INDIANAPOLIS (WISH) - The first time 15-year-old Edward Lewis was in a court room, it was July 2011 and he was accused of stealing a bicycle.
"I didn't know the bike had already been stolen," said Lewis. "I was given two charges – one for theft and one for resisting arrest."
At the time, Lewis' grades were slipping. He was acting up in school and his uncle, Michael Collins, had already spoken with him about straightening up.
"I was embarrassed," Collins said. "He's such a good kid, but he was making bad decisions."
Instead of working his way through the juvenile court system, Lewis was accepted into the Reach for Youth program. The organization has facilitated the traditional Teen Court program in Central Indiana for over 20 years. Serving as a diversion program for the Marion and Johnson County Juvenile Probation Departments, youth who receive a second chance through Teen Court have their case heard by a jury of their peers and once they complete the assigned consequences successfully, walk away with a clean record.
In Teen Court, local attorneys serve as judges and the jury is made up of teenagers between the ages of 10 and 17.
Defendants take the stand. They are questioned by their peers and then given a "sentence," usually consisting of community service.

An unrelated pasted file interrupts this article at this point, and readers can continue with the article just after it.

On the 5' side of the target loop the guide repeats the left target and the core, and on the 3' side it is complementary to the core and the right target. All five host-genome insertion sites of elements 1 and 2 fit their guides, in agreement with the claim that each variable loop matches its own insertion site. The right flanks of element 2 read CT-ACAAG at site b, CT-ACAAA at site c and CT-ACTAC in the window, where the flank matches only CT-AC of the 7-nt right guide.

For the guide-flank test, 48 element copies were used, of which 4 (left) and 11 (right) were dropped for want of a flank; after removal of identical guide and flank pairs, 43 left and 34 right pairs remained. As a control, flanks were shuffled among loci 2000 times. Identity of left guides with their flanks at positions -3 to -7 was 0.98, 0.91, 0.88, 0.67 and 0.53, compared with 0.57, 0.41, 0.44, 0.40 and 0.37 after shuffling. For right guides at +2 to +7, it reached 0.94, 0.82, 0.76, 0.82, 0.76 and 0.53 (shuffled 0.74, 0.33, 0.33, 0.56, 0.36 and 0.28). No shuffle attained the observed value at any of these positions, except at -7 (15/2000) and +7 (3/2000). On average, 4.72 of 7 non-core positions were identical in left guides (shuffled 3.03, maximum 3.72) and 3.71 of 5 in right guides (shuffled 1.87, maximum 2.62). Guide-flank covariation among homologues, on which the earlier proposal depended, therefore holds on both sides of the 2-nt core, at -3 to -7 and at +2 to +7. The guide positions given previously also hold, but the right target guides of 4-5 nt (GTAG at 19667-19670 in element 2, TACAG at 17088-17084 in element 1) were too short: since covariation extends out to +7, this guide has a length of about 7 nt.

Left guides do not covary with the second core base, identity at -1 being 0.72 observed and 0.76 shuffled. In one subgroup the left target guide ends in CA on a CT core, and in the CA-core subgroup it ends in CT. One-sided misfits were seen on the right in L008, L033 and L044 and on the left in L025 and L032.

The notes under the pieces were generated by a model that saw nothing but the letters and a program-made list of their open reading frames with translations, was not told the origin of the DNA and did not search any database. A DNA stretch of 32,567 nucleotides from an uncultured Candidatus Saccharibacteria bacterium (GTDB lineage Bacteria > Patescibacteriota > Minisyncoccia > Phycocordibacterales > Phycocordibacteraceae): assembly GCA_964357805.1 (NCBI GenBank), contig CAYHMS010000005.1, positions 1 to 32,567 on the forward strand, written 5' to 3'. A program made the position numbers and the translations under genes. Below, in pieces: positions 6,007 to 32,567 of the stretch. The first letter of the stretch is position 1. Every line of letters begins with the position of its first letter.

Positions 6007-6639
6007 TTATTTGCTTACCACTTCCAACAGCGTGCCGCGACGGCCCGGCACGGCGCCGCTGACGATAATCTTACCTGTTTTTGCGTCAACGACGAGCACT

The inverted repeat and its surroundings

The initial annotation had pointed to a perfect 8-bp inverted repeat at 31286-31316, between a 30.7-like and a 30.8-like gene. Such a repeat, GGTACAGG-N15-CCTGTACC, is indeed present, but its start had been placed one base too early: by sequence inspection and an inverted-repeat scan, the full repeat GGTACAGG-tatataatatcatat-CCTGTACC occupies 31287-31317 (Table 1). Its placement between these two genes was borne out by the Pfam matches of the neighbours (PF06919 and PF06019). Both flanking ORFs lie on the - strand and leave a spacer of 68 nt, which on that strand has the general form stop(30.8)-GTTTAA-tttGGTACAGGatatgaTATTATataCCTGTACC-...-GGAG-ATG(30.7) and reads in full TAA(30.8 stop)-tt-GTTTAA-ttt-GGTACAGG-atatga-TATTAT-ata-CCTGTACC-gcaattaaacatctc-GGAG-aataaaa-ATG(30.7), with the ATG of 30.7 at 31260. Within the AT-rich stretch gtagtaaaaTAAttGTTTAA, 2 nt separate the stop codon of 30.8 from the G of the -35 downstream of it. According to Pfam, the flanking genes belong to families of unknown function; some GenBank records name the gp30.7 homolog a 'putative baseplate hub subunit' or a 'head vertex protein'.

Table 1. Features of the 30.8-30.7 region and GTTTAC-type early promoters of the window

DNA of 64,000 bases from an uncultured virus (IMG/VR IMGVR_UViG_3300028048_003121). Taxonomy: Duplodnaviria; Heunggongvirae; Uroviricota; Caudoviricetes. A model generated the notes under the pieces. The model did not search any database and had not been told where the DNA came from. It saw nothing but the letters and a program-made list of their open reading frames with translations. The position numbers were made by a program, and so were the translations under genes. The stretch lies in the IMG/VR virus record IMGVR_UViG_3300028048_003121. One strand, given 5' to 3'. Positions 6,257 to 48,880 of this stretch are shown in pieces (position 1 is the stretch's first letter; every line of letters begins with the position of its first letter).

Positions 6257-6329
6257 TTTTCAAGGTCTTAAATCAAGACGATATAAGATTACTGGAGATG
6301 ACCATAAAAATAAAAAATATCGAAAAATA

The punishment for Edward Lewis was nine hours of community service, ten hours of restitution – meaning, additional chores at home – and three nights of jury duty. Lewis loved being part of the jury so much that he volunteered even more.
"He said to me 'no, I want to come every week,'" Edward's uncle explained. "I said 'every week, are you sure?' And he said 'yeah I want to come every week! I enjoy this!'"
Lewis' story is inspiring and somewhat typical for this organization.
"Study after study shows that programs like Reach for Youth's Teen Court are twice as effective at rehabilitation," says Reach for Youth President & CEO, Michelle Study-Campbell. "In fact, our recidivism, or repeat offense rate, is half of that of traditional juvenile court."
In 2011, 290 teens were tried in five different Teen Courts throughout central Indiana, all operated through Reach for Youth. For more on teen court, click here.
Reach for Youth helped a total of 1,622 teens through last year, many of them needing counseling. As a not-for-profit United Way-affiliated agency, Reach for Youth offers counseling to teens and their families on a sliding fee scale.
"Its been consistently seeing the depression, the anxiety, the family conflict -- the school problems," says Clinical Supervisor Cherie Bridges Patrick. "When people come to their wit's end, about 'how do I help my child fix this?' Then that's when folks come to us."
Now Edward is helping friends find solutions to the problem of growing up.
"I've told a couple of friends who were slipping a little bit, I've said 'hey, that's not what you should be doing," says 15-year old Edward. "You should be trying to make positive changes because anything can mess up your future and you don't want that. You want to go to college. You want to do the right things to make everything the way you want it to be."
For more information on Reach for Youth, go here .
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